# Proof of no prime-representing polynomial in 2 variables

In "The New Book of Prime Number Records", Ribenboim reviews the known results on the degree and number of variables of prime-representing polynomials (those are polynomials such that the set of positive values they obtain for nonnegative integral values of the variables coincides with the set of primes). For example, it is known that there is such a polynomial with 42 variables and degree 5, as well as one with 10 variables and astronomical degree.

Ribenboim mentions that it's an open problem to determine the least number of variables possible for such a polynomial, and remarks "it cannot be 2". It's a fairly simple exercise to show that it cannot be 1, but why can't it be 2?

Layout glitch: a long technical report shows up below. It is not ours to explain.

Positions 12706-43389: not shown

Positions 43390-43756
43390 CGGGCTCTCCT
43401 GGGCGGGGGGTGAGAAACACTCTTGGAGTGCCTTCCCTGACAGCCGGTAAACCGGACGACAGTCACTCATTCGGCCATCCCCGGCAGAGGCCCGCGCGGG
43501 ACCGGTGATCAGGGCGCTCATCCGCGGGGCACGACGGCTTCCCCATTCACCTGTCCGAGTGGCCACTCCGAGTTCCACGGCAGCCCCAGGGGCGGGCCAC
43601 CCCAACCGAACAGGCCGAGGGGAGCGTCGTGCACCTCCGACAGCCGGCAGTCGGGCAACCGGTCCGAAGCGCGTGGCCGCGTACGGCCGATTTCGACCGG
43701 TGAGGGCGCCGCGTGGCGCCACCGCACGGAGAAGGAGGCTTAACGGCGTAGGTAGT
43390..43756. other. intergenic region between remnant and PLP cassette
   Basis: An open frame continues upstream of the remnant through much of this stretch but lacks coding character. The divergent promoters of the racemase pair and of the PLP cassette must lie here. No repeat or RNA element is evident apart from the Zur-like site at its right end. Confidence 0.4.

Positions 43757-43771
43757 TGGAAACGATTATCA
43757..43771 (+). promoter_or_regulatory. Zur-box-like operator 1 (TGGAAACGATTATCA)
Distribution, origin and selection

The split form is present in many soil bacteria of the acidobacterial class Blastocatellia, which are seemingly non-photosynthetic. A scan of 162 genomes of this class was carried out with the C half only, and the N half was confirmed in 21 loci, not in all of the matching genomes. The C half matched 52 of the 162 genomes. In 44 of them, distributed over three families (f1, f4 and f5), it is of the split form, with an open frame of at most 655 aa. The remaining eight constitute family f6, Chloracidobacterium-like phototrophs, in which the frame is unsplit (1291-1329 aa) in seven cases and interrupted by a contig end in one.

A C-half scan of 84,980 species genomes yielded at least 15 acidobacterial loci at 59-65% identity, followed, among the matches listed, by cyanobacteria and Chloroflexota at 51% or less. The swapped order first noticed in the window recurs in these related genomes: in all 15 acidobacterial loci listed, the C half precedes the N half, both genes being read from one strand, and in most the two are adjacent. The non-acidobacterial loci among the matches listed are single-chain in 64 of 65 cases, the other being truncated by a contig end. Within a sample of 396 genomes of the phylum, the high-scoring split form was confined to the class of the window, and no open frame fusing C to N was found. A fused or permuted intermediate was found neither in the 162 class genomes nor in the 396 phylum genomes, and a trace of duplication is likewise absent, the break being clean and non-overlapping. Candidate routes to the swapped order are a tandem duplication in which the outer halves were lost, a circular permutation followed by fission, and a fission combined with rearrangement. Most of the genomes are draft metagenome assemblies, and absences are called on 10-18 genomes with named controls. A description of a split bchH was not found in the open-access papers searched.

EDIT: here's the relevant excerpt from Ribenboim's book. Given that nobody seems to be familiar with such a proof, I'm inclined to assume that this is a typo and he just meant "it cannot be 1".

• You mean "the set of positive values that they obtain for non-negative values of the inputs coincides with the set of prime numbers". Otherwise I can suggest $-1$, $2 - 3x^2$ and so on. Aug 26, 2011 at 10:02
• There actually is a polynomial $f(p,x_1,\ldots,x_n)$ with integer coefficients such that $p$ is a positive prime if and only if $\exists x_1,\ldots,x_n\in \mathbb{Z}\ f(p,x_1,\ldots,x_n) = 0$. I think it's a 4th-degree polynomial in 14 variables or something like that. (But ignore this comment, unless you don't ignore it.) Aug 26, 2011 at 18:17